Stealing the limelight

by Jack Gayer. 0 Comments

What better way to promote your cause than to interrupt some of the most important and powerful people in the world. Recently Michelle Obama was heckled at a DNC fundraiser by a protestor demanding equal rights for the LGBT crowd. Was her voice heard? Unmistakably so. Was the cause heard? Not so much. That Michelle Obama is married to one of the most important men in the country, the comparisons are inevitable. Not long ago president Obama was repeatedly interrupted while delivering a speech about Guantanamo. With his characteristic cool, Obama politely attempted to deflect the loud-mouth, addressing the woman's rudeness with thank yous and "please let me finish...if you'd let me finish I'll get to that." Where are the Taser happy security guards when you need them?

Back in 2009 Obama was also heckled at a health care rally. He attempted to ameliorate the situation by saying "relax...we're all right". Throughout the video available on YouTube, a long haired man is seen to be standing up and delivering some sort of diatribe unheard by us. We don't know what this person is saying, and frankly we don't care.

Its not gutsy to butt in while someone else is talking, its incredibly rude, and only serves as a detriment to your issue of the day. How do you think the audience is going to react? Are they going to think your issue is the most important issue facing America at this present moment or that we’re all secretly here to listen to your garbled shouting while someone who has been laboring over a speech that will be seen by millions is just blathering on with all our glazed-over-eyes on them. Now is your time to throw them off their mark and stand up for what you believe, now may be your only chance to simultaneously look like an inconsiderate jerk and put the speaker in an awkward position. Screech now or forever hold your peace!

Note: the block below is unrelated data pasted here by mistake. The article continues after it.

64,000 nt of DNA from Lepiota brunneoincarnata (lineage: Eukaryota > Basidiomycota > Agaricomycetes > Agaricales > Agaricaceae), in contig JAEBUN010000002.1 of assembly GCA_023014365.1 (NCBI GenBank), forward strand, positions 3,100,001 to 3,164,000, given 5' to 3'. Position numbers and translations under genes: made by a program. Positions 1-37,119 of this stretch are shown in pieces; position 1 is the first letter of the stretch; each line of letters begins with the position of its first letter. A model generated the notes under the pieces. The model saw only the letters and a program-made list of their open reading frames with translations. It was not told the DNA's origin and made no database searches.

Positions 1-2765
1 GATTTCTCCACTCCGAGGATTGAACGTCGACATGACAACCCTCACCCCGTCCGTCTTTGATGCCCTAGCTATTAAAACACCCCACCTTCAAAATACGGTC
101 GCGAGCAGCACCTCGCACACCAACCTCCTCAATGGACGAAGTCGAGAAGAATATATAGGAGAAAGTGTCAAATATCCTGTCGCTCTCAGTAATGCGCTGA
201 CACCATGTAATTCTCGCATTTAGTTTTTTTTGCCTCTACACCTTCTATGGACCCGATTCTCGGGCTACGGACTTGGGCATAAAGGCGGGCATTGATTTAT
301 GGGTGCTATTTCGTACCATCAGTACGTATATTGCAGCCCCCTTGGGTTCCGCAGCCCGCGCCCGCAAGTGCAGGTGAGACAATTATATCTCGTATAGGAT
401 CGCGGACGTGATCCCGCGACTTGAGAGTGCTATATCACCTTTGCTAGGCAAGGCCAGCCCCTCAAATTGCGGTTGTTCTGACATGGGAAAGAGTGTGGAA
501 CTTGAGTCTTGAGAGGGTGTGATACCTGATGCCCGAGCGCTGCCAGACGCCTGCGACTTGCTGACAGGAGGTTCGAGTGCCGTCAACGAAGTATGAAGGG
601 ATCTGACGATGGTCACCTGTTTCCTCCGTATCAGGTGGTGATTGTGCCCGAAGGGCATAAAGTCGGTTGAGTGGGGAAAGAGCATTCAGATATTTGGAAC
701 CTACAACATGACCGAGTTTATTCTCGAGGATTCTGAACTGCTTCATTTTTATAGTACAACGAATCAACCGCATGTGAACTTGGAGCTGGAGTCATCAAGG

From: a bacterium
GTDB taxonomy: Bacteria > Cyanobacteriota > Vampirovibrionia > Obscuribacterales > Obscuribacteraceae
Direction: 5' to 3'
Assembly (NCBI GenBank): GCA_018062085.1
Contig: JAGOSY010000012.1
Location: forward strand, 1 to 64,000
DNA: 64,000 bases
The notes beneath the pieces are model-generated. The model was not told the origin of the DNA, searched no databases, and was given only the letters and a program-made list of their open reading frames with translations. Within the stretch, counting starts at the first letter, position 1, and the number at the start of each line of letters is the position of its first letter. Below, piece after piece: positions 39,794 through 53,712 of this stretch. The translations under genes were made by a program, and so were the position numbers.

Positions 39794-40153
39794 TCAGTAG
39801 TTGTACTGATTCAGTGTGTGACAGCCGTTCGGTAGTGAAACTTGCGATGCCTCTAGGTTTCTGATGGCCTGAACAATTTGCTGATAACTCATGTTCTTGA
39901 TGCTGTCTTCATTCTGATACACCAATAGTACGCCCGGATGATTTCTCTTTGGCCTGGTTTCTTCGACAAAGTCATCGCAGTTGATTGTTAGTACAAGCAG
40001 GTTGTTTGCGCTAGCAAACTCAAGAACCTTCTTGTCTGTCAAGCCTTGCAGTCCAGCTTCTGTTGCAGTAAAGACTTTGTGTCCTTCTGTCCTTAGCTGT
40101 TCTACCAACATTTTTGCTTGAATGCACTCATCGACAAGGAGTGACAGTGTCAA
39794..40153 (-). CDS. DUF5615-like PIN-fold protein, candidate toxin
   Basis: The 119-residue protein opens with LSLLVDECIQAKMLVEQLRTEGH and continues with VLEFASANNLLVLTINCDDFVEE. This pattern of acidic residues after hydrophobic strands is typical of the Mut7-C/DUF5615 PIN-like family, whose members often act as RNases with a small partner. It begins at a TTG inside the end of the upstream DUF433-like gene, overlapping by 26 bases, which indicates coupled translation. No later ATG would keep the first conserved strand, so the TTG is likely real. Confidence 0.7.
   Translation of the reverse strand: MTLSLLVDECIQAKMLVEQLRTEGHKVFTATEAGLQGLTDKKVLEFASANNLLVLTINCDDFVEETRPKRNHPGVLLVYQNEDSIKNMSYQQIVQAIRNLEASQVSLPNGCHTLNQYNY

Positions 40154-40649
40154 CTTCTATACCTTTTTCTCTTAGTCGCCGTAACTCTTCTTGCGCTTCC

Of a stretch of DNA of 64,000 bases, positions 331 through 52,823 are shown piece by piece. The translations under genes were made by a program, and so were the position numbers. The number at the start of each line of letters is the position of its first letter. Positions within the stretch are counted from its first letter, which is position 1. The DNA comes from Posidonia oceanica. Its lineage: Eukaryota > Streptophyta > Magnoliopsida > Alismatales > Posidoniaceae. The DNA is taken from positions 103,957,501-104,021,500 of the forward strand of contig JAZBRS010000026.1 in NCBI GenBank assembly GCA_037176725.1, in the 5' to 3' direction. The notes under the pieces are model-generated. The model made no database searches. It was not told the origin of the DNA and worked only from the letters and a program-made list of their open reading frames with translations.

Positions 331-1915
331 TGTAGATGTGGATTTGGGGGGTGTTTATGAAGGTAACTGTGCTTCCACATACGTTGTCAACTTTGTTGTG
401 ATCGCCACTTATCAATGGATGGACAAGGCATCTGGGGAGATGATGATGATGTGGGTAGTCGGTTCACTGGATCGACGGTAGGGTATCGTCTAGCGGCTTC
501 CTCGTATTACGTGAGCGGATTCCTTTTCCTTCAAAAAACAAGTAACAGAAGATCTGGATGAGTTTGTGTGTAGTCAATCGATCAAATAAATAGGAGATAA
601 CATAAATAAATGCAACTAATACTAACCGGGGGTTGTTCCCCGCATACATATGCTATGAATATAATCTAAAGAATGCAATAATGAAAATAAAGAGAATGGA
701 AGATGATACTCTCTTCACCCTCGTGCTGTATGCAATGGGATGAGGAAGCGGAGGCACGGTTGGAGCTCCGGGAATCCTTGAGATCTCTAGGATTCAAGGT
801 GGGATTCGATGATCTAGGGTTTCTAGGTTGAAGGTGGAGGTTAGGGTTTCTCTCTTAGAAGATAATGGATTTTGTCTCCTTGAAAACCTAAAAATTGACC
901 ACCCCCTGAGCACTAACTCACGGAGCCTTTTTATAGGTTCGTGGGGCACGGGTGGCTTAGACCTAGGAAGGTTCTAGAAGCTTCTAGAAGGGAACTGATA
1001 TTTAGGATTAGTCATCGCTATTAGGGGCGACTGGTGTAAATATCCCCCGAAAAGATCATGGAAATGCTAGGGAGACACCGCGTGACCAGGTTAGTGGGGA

The audience applauded Michelle Obama's take-no-prisoners approach to the heckler but the media was less than kind. Numerous news sites claimed it was bad tact, that she should expect these things, or that she was condescending in her reproach. It must be difficult to criticize someone for their approach to being heckled, when you're constantly being shouted at how lousy your article is while you type it. Oh wait, that doesn't happen.

Get off your high horses. Obama reacted splendidly. Everyone knows how they would have reacted in a given situation because they have had time to ponder it and formulate a well-informed decision. Its easy to claim that soldiers who flee from battle instead of fighting are pathetic when you've never had a gun pointed at you. Real-time decisions are not flush with introspection, you need to make a choice and you don't have an abundance of time to make one.

Was Michelle Obama's attitude towards being heckled all that different from her husband's? Yes, it was much more aggressive and direct. In a word, it was perfect. She admitted her limitations then offered the woman a chance to actually speak to the audience instead of bleating at them. With the tables turned, the woman chose silence. In a later interview the bad apple of the night claimed Obama tried to intimidate her and that it didn't work, that her cause is in important one and she couldn't sit idly by any longer while blah blah blah. Clearly she was intimidated because she declined to speak to the audience when given the opportunity. This is why she should have stayed in her seat and kept her mouth firmly closed.

Yes, it was a different approach then her husband, but this only serves to emphasize how they're different people. Michelle Obama’s not an Anne Romney or Laura Bush who don't seem to have a voice of their own. She advocates for her causes, like childhood obesity with tenacity. If she wants to tell an audience member to go [expletive] themselves if they interrupt, more power to her. What she's saying is important not because of who she’s married to, but because of who she is, a well-accomplished individual in her own right. Even if she's only trying to raise money, bellowing at her from the safety of your anonymity and the protection of your righteousness is inexcusable.

Public speaking has been rated as a greater fear to Americans than dying. As Jerry Seinfeld put it, "to the average person, you'd be better in the casket than doing the eulogy." So if you think you're sitting on an earth-shattering revelation or you're the voice of a generation of the overlooked, organize a march, hold a demonstration, actually do something rather than horning in on someone else’s attention. After all, if you were so important you'd be the one behind the mic.


Jack Gayer writes a regular column for

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